League of Women Voters

The League of Women Voters of Metro St. Louis endorsed Amendment 1 to clean up Missouri politics on the November 6 ballot at City Hall on August 15.

The League of Women Voters is famous for educating the voting public without taking sides. But, look out – this highly motivated, non-partisan group of women voters is taking a side. The League of Women Voters of Missouri held a series of press conferences around Missouri last week endorsing Amendment 1 to clean up Missouri politics on the November 6 ballot statewide.

“The League of Women Voters believes in representative government and is endorsing this bipartisan effort to clean up state politics,” said Kathleen Boswell of Sedalia, president of League of Women Voters of Missouri. “This constitutional amendment will take power away from special interests and give it back to the people. League members encourage all Missouri voters to vote Yes on Amendment 1.”

In St. Louis, the press conference was held August 15 at City Hall.

“This is our chance to put Missourians before big donors, lobbyists and partisan games,” said Louise Wilkerson, co-president of the League of Women Voters of Metro St. Louis. “Amendment 1 will increase fairness, integrity, transparency and accountability in Missouri’s General Assembly. Because the League of Women Voters believes in good government and equal rights for all, we are proud to endorse Amendment 1 to clean up the Missouri Legislature.”

Here is how Amendment 1 will increase integrity, transparency, and accountability in state government:

  • eliminate almost all lobbyist gifts in the General Assembly
  • require that legislative records be open to the public
  • lower campaign contribution limits for state legislative candidates
  • require politicians to wait two years if they want to become lobbyists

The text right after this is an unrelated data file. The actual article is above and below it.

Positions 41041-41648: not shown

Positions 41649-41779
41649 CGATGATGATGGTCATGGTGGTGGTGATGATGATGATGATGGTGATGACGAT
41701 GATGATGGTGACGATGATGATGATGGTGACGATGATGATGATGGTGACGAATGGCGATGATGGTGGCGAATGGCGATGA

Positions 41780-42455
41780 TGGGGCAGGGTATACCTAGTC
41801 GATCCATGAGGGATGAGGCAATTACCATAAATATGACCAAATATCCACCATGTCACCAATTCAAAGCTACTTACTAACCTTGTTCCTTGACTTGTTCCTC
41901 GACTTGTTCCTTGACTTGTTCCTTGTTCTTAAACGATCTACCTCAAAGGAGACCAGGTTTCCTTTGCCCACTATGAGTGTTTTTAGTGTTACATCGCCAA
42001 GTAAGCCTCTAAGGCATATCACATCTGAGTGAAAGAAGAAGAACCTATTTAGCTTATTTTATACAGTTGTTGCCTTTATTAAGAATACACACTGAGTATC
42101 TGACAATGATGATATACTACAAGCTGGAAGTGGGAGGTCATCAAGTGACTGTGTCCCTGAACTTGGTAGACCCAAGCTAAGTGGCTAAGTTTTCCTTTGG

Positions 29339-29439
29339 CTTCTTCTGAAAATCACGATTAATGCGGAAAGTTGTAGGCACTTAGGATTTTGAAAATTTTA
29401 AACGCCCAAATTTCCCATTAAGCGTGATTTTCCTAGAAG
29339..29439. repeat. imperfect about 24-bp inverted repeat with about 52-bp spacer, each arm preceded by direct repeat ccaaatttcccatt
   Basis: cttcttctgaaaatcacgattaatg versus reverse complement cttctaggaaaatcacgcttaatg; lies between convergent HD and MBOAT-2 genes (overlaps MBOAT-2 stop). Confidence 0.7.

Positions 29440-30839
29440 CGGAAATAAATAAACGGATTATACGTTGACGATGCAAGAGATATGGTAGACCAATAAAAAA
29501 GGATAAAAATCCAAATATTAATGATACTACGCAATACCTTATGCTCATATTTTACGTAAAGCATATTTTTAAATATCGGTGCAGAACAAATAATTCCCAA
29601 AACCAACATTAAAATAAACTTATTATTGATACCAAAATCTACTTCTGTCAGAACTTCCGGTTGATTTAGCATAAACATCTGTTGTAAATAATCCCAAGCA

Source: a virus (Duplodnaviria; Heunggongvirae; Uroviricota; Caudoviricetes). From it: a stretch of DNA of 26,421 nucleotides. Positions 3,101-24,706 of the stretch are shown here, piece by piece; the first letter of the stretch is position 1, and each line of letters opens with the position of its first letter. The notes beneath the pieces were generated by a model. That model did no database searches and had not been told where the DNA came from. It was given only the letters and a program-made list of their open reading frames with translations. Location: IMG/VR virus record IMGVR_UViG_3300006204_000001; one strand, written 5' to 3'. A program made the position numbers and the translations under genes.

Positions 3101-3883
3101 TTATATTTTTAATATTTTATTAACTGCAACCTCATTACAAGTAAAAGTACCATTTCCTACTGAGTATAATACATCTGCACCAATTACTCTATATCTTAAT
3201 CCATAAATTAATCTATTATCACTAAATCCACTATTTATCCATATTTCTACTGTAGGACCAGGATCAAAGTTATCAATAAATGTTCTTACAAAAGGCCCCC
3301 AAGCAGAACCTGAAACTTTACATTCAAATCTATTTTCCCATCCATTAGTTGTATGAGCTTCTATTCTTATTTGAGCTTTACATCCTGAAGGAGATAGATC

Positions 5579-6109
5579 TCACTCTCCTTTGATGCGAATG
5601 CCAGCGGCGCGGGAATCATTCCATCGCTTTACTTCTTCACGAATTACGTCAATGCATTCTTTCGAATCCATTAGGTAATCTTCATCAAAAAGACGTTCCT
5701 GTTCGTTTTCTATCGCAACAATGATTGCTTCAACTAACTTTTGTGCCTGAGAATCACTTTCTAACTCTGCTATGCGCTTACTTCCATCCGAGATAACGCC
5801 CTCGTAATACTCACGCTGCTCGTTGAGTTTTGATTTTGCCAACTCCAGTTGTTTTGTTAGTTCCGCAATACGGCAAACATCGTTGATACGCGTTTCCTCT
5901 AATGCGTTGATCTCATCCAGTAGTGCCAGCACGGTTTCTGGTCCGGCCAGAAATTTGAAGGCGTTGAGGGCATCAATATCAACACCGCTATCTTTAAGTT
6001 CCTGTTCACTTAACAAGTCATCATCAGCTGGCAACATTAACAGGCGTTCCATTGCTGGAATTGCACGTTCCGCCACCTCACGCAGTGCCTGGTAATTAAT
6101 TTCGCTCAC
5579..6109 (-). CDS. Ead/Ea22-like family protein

• and ensure that neither political party is given an unfair advantage when new maps are drawn after the next census, by adding criteria for fairness and competitiveness of the overall map, which will be reviewed by a citizen commission and keep compact and contiguous districts.

On those lobbyist gifts: "Politicians in the Missouri General Assembly have taken over $12 million in gifts from lobbyists who have business before the legislature," said Kelly Wood, a past league president. "These gifts include liquor, sports events, concerts, international travel and expensive dinners."

On those legislative maps: “Because of the way maps are drawn, candidates are essentially unopposed and they don’t have to work hard to get to know their voters,” said Ann Elwell, league board member. “They instead work hard to get to know their big donors. That’s not the way our democracy is set up.”

To learn more, visit http://www.cleanmissouri.org.

Diversity and Democrats 

The effort to make the Missouri Democratic Party more inclusive of candidates who oppose the abortion option has failed.

An amendment to the party platform had been proposed by former state Rep. Joan Barry – and passed – that reads: “We respect the conscience of each Missourian and recognize that members of our party have deeply held and sometimes differing positions on issues of personal conscience, such as abortion. We recognize the diversity of views as a source of strength and we welcome into our ranks all Missourians who may hold different positions on this issue.”

State Rep. Stacey Newman (D-Richmond Heights) and St. Louis Alderwoman Annie Rice (I-8th Ward) were among the leaders of the pushback.

Newman wrote in a column for The American (that she later retracted, no doubt seeing a path to victory): “Did the party members voting on the platform balk at ‘diversity of opinion’ on racism, equality, voting rights, immigration or firearms? No, just women’s private reproductive decisions.”

Rice, who is also a Democratic committeewoman, pushed back with a tongue-in-cheek amendment (which she then withdrew) asking for “diversity of opinion” on right-to-work laws. 

Galloway on Ferguson 

How are they doing down there at Ferguson Municipal Court – the muni court whose depredations helped spawn a revolution?

Missouri State Auditor Nicole Galloway issued a report following up on her 2017 audit report of the court that found disorganized, damaged and unsecured case files, as well as a lack of oversight that resulted in at least $1,400 in missing funds. 

The follow-up review found that while personnel have not pursued criminal prosecution or restitution for the missing money, they have worked to implement new procedures to better prevent and detect loss or theft in the future.

In 2017, Galloway was forced to take the unprecedented step of hiring a mold remediation company to recover and preserve available records in order to complete the audit. No effort has been made to remediate the remaining records and older records continue to be housed in an unsecure location.